I’m a lover of aprons.  If you were  to look into my panty, you would find five clean aprons at any one time with three down in the laundry room, waiting to be washed.  For many of us, aprons are a connection to the past, the American dream of a beautiful home, cookies baking in  the oven or the TV show, Leave it to Beaver.   Joyce Cheney, author of Aprons: Icons of the American Home, states that the apron is “fraught with meaning as they can be interpreted as complex symbols of status, occupation and oppression”.  For me, they are just something to keep my clothes from getting dirty and I can’t help but admire their beauty and craftsmanship as a classic form of American folk art.

In American Literature, references  to aprons are found in a number of classics from Little Women  to The Tin Woodman of Oz.  It is a passage from the later that inspired the name of this blog and byline.  You can find the passage on a separate page within this site.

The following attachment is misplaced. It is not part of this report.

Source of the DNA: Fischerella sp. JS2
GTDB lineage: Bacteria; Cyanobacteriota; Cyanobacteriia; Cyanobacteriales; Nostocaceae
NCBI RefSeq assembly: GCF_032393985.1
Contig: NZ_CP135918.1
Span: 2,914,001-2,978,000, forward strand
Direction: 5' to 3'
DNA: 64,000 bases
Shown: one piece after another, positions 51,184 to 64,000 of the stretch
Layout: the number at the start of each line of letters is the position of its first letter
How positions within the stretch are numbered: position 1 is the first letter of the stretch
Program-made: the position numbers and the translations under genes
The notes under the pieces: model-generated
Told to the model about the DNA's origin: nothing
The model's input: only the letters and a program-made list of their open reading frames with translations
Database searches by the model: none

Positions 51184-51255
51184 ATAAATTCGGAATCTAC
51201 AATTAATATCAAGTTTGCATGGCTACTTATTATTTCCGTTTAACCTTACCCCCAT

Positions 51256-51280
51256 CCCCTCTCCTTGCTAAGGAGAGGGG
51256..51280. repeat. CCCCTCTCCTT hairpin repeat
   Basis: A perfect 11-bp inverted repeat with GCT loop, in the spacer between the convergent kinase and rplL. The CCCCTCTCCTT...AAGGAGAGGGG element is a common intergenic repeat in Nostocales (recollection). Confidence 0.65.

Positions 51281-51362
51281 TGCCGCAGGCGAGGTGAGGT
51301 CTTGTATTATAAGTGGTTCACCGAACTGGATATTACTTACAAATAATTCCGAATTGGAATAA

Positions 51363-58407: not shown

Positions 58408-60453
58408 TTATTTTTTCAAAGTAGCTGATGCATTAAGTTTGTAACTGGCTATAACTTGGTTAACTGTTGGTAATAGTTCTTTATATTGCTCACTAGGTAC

This site is a personal one and in no way reflects the views of any institution that I have worked for or are currently employed.  Instead, it is a reflection of the many teachers that gave generously of themselves to help me view the world in a different way and learn more about myself through creative pursuits.  I have worked in oils, acrylics, watercolors and colored pencils.  I especially enjoy dimensional work that combines mixed media.  Through the years I have dabbled in various art forms such as the  book arts and working with clay.  My work has gone from that of being more serious and detailed, to looser and more whimsical as I’ve gotten older.   As my life has changed through the years art has remained the constant force in my life, allowing me the freedom to delight in a sea of color, shape and my own imagination.

“Think left and think right and think low and think high.  Oh the things you can think up if only you try!”   ~ Dr. Seuss


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